ANN: Clojuratica -- A seamless interface to Mathematica for fast numerics and more

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Garth Sheldon-Coulson

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Jul 27, 2009, 9:24:52 AM7/27/09
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Dear Clojurians,

I would like to announce Clojuratica, a high-performance, seamless Clojure interface to Wolfram Mathematica.

Mathematica will be familiar to many on this list already. It is probably the world's most powerful integrated software package for numerics, symbolic mathematics, optimization, statistics, and visualization. It is built around a robust, Lisp-like functional programming language. If you are unfamiliar with Mathematica or haven't encountered the most recent version, I encourage you to learn more about it.

The union of Clojure and Mathematica will be useful and potentially transformational for anyone who works in scientific computing, parallelized simulation, finance, or other areas where Clojure's strengths in concurrency and parallelism are complemented by Mathematica's array of numerical routines and visualization tools.

I wrote Clojuratica for my own research involving CPU-intensive simulation and Bayesian inference. I strongly believe that Clojure and Mathematica could outshine the existing crop of scientific computation packages, including NumPy, MATLAB, and R. Clojure's own Incanter is a terrific piece of software, but it will be some time until it can match Mathematica feature-for-feature.

The following is a list of Clojuratica's core capabilities, copied from the new Clojuratica web site. On the web site you will also find a Clojuratica tutorial and Clojuratica Google group.

The features:
  • Clojuratica enables the seamless translation of native data structures between Clojure and Mathematica, including high-precision numbers, matrices, N-dimensional arrays, and arbitrary Java objects.
  • Clojuratica makes it easy to evaluate Mathematica expressions from Clojure. Now Clojure programs can take advantage of Mathematica's enormous range of numerical and symbolic algorithms and its fast matrix algebra routines.
  • Clojuratica offers an elegant syntax that integrates closely with Clojure.
  • Clojuratica builds a bridge between Clojure's state-of-the-art concurrency features and Mathematica's existing parallel-computing capabilities. It adds a high-performance, non-blocking concurrency queue that mediates communication between Clojure and Mathematica. Now it is easy to run a simulation in Clojure with 10,000 independent threads, each asynchronously evaluating processor-intensive expressions in Mathematica. The computations will be farmed out adaptively to however many Mathematica kernels are available on any number of processor cores — either locally or across a cluster, grid, or network. The result is the "Clojurization" of Mathematica's existing parallel-computing capabilities.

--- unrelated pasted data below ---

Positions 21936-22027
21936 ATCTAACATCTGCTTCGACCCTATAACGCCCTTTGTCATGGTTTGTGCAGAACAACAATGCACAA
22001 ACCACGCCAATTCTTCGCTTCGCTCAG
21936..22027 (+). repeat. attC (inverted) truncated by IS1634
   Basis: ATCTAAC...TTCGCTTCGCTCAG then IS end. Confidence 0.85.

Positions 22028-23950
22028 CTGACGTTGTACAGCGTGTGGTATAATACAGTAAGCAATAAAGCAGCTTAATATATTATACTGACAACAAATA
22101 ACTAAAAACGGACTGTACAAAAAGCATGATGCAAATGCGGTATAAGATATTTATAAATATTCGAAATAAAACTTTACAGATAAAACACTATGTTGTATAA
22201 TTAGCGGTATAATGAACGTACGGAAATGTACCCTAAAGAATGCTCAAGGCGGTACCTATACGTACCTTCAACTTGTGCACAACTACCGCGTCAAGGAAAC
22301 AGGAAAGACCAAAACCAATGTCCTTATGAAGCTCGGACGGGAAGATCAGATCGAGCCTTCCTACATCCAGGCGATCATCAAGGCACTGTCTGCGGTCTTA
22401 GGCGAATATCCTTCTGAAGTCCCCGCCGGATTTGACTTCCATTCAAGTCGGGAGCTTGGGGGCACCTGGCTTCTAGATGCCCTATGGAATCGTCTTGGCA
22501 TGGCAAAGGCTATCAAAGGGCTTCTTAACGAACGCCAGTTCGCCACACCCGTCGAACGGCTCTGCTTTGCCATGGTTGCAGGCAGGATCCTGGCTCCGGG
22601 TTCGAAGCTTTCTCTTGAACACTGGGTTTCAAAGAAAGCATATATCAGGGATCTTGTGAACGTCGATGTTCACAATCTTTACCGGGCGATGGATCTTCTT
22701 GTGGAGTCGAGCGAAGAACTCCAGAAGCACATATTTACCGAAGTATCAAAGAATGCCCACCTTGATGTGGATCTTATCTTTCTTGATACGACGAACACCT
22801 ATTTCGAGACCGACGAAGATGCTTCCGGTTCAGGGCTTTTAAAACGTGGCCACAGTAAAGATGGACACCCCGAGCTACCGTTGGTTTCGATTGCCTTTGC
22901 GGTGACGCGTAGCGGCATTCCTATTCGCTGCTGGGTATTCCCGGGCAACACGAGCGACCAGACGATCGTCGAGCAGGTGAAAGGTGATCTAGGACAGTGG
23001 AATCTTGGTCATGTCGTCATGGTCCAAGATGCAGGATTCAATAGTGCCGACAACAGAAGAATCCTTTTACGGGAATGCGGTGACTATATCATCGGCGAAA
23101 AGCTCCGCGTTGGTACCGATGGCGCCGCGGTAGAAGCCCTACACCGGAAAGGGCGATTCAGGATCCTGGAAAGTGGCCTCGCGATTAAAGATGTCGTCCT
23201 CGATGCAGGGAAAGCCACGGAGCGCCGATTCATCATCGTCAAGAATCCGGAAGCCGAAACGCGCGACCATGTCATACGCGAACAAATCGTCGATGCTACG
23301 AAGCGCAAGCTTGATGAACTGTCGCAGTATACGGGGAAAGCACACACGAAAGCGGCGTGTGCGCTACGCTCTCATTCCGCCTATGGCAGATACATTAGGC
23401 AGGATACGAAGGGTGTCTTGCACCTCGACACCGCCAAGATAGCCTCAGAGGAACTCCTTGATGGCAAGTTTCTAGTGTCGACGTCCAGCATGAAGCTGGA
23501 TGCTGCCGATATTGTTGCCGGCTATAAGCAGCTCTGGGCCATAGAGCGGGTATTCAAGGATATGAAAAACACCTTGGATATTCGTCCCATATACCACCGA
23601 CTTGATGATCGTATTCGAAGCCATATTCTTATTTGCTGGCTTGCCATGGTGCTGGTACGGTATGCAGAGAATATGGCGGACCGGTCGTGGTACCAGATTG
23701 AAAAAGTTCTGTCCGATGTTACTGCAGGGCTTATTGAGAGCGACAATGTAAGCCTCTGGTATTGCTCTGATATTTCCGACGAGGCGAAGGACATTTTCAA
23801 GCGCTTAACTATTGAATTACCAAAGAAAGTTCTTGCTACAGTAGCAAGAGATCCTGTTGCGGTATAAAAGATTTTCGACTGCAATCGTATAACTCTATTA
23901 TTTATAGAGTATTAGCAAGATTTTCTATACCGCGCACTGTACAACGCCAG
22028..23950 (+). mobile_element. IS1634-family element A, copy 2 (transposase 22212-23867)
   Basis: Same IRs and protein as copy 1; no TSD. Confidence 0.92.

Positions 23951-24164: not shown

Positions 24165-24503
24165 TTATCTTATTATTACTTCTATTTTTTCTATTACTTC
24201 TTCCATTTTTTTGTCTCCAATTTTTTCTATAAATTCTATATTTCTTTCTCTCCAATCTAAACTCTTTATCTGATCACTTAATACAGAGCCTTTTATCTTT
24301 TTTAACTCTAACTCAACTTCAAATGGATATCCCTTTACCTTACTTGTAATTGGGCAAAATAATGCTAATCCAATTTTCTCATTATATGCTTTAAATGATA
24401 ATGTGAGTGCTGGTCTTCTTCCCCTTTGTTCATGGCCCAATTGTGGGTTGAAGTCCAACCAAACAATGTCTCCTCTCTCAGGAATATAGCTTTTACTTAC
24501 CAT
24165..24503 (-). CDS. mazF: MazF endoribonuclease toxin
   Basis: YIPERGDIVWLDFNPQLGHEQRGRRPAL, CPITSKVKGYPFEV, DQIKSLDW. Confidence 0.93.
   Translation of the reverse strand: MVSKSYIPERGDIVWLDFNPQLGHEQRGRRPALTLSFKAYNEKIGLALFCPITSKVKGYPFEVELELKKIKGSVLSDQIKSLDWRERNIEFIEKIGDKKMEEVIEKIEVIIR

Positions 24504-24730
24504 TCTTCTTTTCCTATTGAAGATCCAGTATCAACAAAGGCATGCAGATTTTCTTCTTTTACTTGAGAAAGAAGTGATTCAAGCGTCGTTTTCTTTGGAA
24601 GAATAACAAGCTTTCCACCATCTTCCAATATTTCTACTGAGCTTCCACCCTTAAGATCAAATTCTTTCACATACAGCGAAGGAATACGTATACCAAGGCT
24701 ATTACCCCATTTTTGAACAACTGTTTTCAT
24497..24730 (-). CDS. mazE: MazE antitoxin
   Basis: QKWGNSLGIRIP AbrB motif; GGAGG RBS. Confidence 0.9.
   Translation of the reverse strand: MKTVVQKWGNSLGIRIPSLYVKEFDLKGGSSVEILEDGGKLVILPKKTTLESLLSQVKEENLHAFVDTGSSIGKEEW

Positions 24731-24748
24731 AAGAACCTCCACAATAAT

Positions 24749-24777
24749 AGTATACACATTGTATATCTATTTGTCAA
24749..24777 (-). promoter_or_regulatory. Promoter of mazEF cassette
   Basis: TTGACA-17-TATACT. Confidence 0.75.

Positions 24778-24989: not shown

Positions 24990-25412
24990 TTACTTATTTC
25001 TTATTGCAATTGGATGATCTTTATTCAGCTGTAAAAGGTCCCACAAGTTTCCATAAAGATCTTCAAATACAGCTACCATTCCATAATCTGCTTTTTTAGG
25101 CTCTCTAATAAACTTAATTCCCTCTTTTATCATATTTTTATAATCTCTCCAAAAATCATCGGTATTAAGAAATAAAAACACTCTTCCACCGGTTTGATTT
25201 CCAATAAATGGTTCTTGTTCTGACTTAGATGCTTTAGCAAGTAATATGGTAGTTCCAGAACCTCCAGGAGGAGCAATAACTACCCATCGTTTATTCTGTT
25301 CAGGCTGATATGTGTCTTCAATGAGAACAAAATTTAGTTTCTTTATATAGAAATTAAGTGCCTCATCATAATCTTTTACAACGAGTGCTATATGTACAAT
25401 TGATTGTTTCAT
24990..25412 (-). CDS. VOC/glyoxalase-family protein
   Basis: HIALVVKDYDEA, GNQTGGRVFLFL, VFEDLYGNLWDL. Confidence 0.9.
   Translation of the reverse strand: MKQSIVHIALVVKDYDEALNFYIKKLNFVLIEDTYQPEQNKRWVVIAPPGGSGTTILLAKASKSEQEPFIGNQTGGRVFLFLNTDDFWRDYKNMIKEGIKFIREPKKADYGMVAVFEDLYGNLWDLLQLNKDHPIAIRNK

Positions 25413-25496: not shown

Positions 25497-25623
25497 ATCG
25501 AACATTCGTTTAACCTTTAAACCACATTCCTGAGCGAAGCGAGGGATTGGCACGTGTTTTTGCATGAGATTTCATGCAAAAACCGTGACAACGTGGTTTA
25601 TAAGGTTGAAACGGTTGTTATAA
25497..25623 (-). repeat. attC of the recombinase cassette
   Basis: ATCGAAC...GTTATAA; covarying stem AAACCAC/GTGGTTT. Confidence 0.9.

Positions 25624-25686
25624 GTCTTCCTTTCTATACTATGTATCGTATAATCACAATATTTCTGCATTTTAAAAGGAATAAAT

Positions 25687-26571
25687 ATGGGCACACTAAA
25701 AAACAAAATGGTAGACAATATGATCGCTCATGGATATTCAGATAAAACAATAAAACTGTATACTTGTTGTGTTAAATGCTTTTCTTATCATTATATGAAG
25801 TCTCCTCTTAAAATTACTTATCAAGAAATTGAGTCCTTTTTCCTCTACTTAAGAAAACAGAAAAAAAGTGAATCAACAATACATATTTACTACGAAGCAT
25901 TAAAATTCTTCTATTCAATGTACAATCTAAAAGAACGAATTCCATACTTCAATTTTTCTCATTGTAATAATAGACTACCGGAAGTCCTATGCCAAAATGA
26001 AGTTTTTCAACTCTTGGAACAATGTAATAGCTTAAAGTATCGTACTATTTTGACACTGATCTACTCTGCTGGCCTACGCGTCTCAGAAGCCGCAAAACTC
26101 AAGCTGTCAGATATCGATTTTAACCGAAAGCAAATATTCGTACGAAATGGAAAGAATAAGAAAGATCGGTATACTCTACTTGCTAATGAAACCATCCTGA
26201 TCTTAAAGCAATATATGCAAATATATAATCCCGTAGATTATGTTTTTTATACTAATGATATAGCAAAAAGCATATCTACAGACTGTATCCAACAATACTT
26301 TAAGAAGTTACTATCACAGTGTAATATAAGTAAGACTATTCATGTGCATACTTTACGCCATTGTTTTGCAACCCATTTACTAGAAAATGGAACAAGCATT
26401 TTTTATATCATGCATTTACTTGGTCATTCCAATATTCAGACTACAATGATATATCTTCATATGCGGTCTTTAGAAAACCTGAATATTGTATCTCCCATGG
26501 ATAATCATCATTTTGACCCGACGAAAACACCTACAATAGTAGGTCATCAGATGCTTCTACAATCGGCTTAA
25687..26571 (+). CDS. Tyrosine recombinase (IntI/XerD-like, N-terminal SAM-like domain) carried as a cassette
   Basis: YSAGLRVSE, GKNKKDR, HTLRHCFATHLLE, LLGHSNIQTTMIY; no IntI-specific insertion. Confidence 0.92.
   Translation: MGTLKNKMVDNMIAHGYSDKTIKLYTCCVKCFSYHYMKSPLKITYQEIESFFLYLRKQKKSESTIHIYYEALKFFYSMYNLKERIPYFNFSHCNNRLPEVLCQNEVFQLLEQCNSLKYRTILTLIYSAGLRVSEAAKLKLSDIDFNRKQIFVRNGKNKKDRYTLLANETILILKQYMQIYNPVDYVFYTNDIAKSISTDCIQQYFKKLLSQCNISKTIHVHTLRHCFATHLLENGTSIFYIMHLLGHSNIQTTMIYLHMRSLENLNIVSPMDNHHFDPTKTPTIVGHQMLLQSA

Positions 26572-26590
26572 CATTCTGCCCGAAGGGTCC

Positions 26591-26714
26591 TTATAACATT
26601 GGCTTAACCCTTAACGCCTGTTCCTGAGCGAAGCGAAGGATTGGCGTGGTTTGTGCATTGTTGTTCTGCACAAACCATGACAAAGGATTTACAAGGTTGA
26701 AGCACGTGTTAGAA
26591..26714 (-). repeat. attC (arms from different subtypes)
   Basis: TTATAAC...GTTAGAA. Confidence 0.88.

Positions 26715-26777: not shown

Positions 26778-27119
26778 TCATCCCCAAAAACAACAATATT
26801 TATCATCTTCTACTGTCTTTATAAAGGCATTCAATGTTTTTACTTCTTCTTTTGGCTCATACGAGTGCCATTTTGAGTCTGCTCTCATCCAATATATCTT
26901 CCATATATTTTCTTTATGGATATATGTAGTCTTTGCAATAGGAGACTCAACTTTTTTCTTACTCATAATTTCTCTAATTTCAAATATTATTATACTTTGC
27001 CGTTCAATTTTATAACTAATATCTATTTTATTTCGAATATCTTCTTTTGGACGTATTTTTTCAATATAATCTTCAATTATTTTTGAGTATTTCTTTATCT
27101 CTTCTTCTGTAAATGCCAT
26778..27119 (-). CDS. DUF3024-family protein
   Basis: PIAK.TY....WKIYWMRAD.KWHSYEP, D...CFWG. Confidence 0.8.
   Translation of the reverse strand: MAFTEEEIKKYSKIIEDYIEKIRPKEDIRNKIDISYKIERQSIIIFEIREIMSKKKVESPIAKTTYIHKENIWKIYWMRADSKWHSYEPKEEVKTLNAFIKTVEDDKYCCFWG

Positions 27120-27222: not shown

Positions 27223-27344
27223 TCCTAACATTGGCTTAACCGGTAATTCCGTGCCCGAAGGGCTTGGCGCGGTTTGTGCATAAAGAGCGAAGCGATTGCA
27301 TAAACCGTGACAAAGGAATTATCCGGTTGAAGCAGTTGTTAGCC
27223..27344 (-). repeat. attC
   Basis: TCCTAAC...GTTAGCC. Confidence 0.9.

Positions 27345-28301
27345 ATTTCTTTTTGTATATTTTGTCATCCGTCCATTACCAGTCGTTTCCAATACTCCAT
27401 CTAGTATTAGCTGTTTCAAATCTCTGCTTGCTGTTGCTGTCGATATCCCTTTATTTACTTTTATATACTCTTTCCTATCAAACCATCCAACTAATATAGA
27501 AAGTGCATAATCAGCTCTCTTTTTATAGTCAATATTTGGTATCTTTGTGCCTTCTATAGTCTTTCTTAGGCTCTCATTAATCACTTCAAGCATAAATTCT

I encourage you to look at the Clojuratica web site, tutorial, and Google group. I hope you find Clojuratica's syntax easy and intuitive.

If you think you may find Clojuratica useful, please let me know. The level of interest will dictate whether I write more complete documentation and add new features.

I would also be very glad to hear comments, constructive pieces of criticism, and kudos on the design and implementation. Feature suggestions and bug reports are welcome. Please use the Google group. This is beta software with all the usual caveats.

Best regards,
Garth Sheldon-Coulson

P.S. For those interested in implementation details: The heart of Clojuratica is a Clojure-written Java class called CExpr that implements ISeq and wraps the homoiconic Mathematica expression object (similar to the Lisp s-expression). Implementing CExpr was a breeze thanks to the sequence library, and everything else followed quickly from there. Implementing the concurrency queue was also easy thanks to STM. Clojure strikes again.

Jan Rychter

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Jul 27, 2009, 9:43:56 AM7/27/09
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Garth Sheldon-Coulson <ga...@mit.edu> writes:
> I would like to announce *Clojuratica <http://clojuratica.weebly.com/>,* a

> high-performance, seamless Clojure interface to Wolfram
> Mathematica<http://clojuratica.weebly.com/#mathematica>.

Wow! This is exactly what I needed. I've been looking for interfaces to
Mathematica back when I was still using Common Lisp. Recently I do most
of my coding in Clojure and I'd eventually cook up something similar to
what you did, only with much less functionality. I've even been looking
at documentation for J/Link recently.

Thank you, this interface will be very useful.

--J.

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